Work is a reality that most adults have to deal with. While it can be exciting and fun to work and earn money, it could be really tiring as well. The tiredness that employees usually feel at work has different factors, which could be addressed. However, when someone is working in a toxic environment and dealing with arrogant bosses, their chances of being mentally drained are particularly high.
The World Health Organization reported that about 264 million people suffer from depression across the world. One of the main factors is work, which can heavily impact a person’s life. Work-related risks that have been identified include inadequate health and safety policies; poor communication and management practices; limited participation in decision-making or low control over one’s area of work; low levels of support for employees; inflexible working hours, and unclear tasks or organizational objectives.
At the same time, some employees simply don’t enjoy their jobs because their tasks are not suitable for their competencies. Some jobs carry a higher personal risk than others, affecting their mental health. Since most employees rely on their jobs to sustain their family and personal needs, they often attend work even if they are feeling sick. A recent report by consultancy firm Deloitte and mental health charity Mind revealed that there has been an increase of “presenteeism,” or people going to work despite not feeling up to it.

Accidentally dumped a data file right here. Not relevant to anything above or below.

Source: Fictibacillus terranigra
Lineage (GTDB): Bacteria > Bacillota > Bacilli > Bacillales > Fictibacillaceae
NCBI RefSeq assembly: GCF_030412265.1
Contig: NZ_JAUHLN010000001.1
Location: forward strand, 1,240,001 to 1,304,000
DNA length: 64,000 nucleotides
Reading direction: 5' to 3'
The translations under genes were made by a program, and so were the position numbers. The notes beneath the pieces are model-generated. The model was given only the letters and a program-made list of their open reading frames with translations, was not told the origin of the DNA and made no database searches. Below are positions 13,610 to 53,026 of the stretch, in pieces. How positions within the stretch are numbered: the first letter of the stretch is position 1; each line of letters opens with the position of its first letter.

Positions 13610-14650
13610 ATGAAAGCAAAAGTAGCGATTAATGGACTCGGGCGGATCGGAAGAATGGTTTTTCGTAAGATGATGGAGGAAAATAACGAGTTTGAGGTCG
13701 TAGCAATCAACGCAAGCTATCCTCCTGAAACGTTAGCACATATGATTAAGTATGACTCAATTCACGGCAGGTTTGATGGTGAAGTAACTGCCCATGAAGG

The report showed that there has been a rise of presenteeism among employees in 2018 with 41.7%, which is significantly higher than the previous four years: 38% in 2017, 36.4% in 2016, 30.4% in 2015, and 29% in 2014. BBC News, an operational business division of the British Broadcasting Corporation responsible for the gathering and broadcasting of news and current affairs, reported that young people are the most vulnerable in the workplace. The report described poor mental health among them as an “epidemic” because they are more likely to use their holidays instead of taking days off work.
However, most people think that employees who are office-based are lucky because they get to sit all day while doing their jobs. But, they don’t realize that desk jobs can be equally as exhausting as other jobs. Employees, whatever their tasks at the office, can also be mentally drained.
Why Desk Jobs Are Tiring
People expect that desk jobs are a huge advantage for employees because you only need to do your tasks without putting in physical effort. One can sit all day in front of their laptops and computers and get their job done without hassle. Thus, some people tend to invalidate their tiredness or exhaustion because they do everything without going to one place or another or running around.
However, medical professionals emphasized that mental fatigue is very much legitimate. They explained that the human body reacts to stress in many of the same ways regardless of whether the source is mental or physical. According to Vox, a liberal-leaning American news and opinion website owned by Vox Media, scientists identified two hypotheses explaining why desk jobs could be so exhausting. First, researchers believe that employees become less motivated to do their tasks because they tend to focus on things that are distracting. This tension potentially causes fatigue. To prove this, UK researchers conducted a study in 2019 where they tracked 100 nurses in the UK over two 12-hour shifts.